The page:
Those who knew Arledge recalled that he could be both charming and irritating. “He was impossible, he was exasperating,” noted Barbara Walters. “If you wanted to reach him, it was very hard. But no one ever had a greater ‘vision thing’ than Roone.” The true measure of his impact was the large number of television producers, executives, and personalities who learned from and were indebted to him. His television—the marriage of storytelling with hard reporting—became the standard.

The best source on Arledge is his autobiography, Roone: A Memoir (2003). See also Bert Randolph Sugar, “The Thrill of Victory”: The Inside Story of ABC Sports (1978); ABC Sports: The First Twenty-Five Years (1985); Randy Roberts and James S. Olsen, Winning Is the Only Thing: Sports in America Since 1945 (1989); and Marc Gunther, The House That Roone Built: The Inside Story of ABC News (1994). An obituary is in the New York Times (6 Dec. 2002).


Family: Born July 8, 1931, in Forest Hills, NY; died of cancer, December 5, 2002; son of Roone (a lawyer) and Gertrude (Stritmater; a homemaker) Arledge; married Joan Heise, December 27, 1953 (divorced, 1971); married; wife's name, Anne (divorced, 1983); married Gigi Shaw; children (first marriage): Elizabeth Ann, Susan Lee, Patrcia Lu, Roone Pinckney. Education: Columbia University, B.A., 1952.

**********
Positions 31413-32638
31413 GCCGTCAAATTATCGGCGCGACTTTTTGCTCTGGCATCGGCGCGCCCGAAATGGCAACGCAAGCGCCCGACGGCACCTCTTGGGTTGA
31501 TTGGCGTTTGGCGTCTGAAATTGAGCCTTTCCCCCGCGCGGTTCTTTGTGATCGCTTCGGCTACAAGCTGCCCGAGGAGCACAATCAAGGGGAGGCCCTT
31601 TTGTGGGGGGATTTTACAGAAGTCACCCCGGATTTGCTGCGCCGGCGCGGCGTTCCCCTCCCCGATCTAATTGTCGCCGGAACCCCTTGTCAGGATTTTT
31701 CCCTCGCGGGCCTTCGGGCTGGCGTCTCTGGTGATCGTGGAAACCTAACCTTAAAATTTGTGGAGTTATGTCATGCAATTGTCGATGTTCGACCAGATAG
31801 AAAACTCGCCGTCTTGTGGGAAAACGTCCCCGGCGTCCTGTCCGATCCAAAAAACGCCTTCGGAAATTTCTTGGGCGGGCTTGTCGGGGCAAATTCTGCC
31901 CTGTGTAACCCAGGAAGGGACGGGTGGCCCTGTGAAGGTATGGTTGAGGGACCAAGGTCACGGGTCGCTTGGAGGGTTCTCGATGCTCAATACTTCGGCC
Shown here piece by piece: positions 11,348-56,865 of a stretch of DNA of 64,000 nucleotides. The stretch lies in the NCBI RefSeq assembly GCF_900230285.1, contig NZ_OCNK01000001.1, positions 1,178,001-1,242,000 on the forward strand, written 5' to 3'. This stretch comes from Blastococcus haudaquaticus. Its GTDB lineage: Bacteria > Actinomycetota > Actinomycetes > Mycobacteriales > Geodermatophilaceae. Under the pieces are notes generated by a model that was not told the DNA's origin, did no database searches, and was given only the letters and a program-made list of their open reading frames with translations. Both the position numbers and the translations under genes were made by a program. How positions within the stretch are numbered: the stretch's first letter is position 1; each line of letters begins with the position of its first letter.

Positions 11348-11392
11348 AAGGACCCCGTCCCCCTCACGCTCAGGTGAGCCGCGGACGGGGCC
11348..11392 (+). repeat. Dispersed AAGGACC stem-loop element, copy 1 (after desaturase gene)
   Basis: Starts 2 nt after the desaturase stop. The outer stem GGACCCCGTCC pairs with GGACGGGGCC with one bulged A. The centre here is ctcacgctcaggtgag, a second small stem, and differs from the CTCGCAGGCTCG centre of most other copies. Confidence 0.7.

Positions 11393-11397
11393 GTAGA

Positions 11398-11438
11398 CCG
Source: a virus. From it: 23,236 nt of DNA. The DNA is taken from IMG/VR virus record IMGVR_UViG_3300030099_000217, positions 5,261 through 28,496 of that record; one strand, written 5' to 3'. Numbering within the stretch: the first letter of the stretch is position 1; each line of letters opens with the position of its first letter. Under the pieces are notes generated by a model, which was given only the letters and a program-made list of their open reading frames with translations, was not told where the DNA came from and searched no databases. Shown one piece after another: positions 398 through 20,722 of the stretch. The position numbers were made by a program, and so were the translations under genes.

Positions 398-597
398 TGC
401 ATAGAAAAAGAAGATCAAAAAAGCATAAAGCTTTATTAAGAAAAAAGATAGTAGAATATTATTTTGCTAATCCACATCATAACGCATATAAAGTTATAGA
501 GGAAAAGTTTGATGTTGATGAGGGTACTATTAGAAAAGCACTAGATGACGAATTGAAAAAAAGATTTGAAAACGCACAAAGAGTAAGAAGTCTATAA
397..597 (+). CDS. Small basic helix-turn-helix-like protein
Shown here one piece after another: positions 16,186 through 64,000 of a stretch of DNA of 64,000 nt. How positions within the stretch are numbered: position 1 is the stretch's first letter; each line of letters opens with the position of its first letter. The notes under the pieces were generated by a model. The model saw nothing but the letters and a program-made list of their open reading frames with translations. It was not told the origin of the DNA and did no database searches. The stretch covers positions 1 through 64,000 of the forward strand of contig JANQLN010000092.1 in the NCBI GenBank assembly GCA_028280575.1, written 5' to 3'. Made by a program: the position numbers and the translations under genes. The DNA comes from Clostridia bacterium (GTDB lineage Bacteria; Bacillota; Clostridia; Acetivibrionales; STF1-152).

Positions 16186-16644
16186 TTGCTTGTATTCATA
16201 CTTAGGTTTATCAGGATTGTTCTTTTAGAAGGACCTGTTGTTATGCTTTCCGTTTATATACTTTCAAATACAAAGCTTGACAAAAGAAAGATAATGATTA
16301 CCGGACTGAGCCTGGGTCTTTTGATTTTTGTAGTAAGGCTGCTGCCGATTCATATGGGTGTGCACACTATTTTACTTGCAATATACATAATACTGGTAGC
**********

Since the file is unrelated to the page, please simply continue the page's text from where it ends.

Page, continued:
Recipient of thirty-seven Emmy Awards, given by the National Academy of Television Arts and Sciences; two Christopher Awards; four George Foster Peabody Awards; Kennedy Family Award, 1972; National Football Foundation and Hall of Fame Award, 1972; Broadcast Pioneers Award; Gold Medal, International Radio and Television Society, 1983; Distinguished Service to Journalism Honor Medal, University of Missouri; John Jay Distinguished Professional Service Award, Columbia University; Distinguished Achievement Award, University of Southern California Journalism Association; Founders Award; Olympic Order, Medal of the International Olympic Committee; Grand Prize, Cannes Film Festival; Man of the Year, National Association of Television Program Executives; Man of the Year, Football News; Man of the Year, Ohio State University; Man of the Year, Gallagher Report; inducted into Academy of Arts and Sciences Hall of Fame, and U.S. Olympic Hall of Fame, both 1990; du Pont-Columbia Award, 1995; Lifetime Achievement Emmy, 2002 (first ever awarded).


Television producer. Dumont Television Network, 1952-53; The Shari Lewis Show, National Broadcasting Company, Inc. (NBC), 1955-60; American Broadcasting Companies, Inc. (ABC), producer, network sports, 1960-61; Wide World of Sports, producer and creator, 1961; vice president in charge of sports, 1963-68; executive producer of all sports programs, 1964, 1968, 1974; president, ABC News, 1968-85; creator, Monday Night Football, 1969; creator, Nightline, 1980; president, ABC Sports Inc., 1977-85; group president, ABC News and Sports, 1985-1990; ABC News president, 1990-1998; chairman ABC news, 1998-2002. Military service: U.S. Army, 1953-54.


* Roone: A Memoir, HarperCollins (New York, NY), 2003.